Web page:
The Missing Prince And The Missing Papyri | Ancient Origins Members Site


The Missing Prince And The Missing Papyri

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Prince Thutmose's schist recumbent bier (Soutekh67 / CC BY-SA 4.0)

The Missing Prince And The Missing Papyri

A strange mystery baffled Egyptologists when opening the tombs of kings who had been laid to rest in The Valley of the Kings. In 1816 explorer Giovanni Belzoni had reached the far end of the valley when he came upon and opened a tomb which proved to have been prepared for Prince Tutmose, the eldest son of the King Amenhotep III, now identified as the legendary Solomon.   What he found was very unusual.  To begin with there was no sign of any remains of the deceased prince and stranger still the tomb had been finished, but the walls of this tomb had not been decorated with the normal funerary illustrations and hieroglyphic spells, necessary for the departed king to find his way through the Duat or netherworld.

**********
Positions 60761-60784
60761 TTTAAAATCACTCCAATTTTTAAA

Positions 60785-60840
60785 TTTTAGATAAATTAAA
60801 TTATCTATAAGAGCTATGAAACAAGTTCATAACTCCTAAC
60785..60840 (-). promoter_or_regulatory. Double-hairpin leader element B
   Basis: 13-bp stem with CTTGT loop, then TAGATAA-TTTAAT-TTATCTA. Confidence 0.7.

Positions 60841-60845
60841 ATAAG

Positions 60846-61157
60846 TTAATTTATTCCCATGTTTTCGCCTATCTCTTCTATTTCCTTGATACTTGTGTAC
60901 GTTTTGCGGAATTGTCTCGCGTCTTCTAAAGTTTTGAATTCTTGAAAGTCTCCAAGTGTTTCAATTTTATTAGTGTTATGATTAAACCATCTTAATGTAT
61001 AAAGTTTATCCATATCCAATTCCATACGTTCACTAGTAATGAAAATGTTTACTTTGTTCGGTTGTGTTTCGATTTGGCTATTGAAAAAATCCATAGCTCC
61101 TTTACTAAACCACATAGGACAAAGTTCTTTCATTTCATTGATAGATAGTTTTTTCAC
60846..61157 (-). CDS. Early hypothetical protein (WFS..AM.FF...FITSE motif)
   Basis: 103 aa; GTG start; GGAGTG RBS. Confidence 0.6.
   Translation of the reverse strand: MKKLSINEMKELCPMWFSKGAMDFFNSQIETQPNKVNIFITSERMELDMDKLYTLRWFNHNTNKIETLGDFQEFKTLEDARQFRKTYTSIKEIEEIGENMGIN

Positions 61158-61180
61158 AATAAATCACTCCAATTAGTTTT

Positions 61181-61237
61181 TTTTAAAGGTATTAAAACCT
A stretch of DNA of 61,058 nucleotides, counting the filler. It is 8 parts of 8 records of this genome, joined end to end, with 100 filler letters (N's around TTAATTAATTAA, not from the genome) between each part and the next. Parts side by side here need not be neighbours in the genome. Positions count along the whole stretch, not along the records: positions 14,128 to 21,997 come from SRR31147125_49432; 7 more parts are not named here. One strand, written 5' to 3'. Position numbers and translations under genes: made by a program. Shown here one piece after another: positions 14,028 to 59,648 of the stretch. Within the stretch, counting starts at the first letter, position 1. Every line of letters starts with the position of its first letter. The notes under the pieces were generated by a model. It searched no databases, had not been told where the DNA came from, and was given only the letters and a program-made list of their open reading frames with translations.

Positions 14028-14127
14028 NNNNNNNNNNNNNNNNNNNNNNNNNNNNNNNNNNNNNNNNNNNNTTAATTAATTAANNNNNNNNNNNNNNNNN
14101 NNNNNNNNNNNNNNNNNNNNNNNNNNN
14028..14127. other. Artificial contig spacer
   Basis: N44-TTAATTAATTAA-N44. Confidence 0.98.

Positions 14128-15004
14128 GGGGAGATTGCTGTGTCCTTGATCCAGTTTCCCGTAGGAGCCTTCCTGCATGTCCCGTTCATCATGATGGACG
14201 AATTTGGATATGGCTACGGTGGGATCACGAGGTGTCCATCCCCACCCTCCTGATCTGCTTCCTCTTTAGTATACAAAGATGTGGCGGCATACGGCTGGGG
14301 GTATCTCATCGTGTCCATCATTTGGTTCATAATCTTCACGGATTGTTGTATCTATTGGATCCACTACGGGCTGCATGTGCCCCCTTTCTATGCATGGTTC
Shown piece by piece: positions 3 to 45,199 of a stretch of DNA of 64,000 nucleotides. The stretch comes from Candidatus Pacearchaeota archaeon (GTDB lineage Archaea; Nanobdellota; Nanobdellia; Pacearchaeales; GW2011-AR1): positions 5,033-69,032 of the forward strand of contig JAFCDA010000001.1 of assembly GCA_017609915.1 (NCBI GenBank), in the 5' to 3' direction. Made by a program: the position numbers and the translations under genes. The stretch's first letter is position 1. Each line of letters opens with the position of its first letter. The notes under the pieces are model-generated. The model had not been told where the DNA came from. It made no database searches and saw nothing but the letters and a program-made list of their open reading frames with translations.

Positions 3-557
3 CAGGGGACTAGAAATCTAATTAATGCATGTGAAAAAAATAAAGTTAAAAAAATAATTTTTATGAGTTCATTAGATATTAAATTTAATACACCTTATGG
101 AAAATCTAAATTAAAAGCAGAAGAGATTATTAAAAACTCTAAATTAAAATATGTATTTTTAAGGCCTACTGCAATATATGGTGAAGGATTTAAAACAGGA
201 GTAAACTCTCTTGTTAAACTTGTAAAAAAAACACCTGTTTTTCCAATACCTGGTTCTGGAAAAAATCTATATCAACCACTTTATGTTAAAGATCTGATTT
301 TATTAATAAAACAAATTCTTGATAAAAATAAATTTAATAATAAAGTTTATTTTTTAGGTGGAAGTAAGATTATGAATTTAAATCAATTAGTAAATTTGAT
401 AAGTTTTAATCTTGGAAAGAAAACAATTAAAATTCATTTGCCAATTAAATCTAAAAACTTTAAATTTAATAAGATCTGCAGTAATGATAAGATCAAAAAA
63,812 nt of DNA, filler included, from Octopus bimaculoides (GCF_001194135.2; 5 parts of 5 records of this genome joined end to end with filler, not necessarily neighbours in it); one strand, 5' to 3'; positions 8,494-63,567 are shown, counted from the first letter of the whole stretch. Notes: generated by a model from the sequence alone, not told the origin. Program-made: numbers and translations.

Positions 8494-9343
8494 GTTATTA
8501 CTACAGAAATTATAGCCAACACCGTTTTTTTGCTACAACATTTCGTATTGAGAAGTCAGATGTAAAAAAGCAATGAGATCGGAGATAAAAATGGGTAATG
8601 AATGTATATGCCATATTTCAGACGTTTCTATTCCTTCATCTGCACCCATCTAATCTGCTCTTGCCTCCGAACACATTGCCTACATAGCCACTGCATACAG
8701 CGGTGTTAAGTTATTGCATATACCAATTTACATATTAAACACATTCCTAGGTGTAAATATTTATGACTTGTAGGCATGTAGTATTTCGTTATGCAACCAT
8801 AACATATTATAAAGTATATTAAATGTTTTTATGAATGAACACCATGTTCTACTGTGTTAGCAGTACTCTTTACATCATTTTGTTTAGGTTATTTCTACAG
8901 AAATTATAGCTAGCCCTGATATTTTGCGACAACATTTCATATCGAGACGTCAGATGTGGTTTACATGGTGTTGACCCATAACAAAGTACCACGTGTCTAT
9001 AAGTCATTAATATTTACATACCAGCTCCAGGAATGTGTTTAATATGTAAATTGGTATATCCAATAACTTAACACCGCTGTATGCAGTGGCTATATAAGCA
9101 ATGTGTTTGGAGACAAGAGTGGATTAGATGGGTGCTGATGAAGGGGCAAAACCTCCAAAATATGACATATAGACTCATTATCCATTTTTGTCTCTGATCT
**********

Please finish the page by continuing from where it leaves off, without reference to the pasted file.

Sarcophagus of Prince Thutmose's cat, Ta-miu (CC BY-SA 2.0)

Sarcophagus of Prince Thutmose's cat, Ta-miu (CC BY-SA 2.0)

Prince Twtmose

Some pharaohs have been found in unfinished tombs, but not finished and then undecorated tombs.  The Duat became a great feature of Irish folklore following the invasion and conquest of the Green Isle by Bronze Age Egyptians.   It is still remembered as the Tuath Dedanaan (Tatanen being the name of an Egyptian God or Goddess), and this too is thought of as another world where the little folk live.


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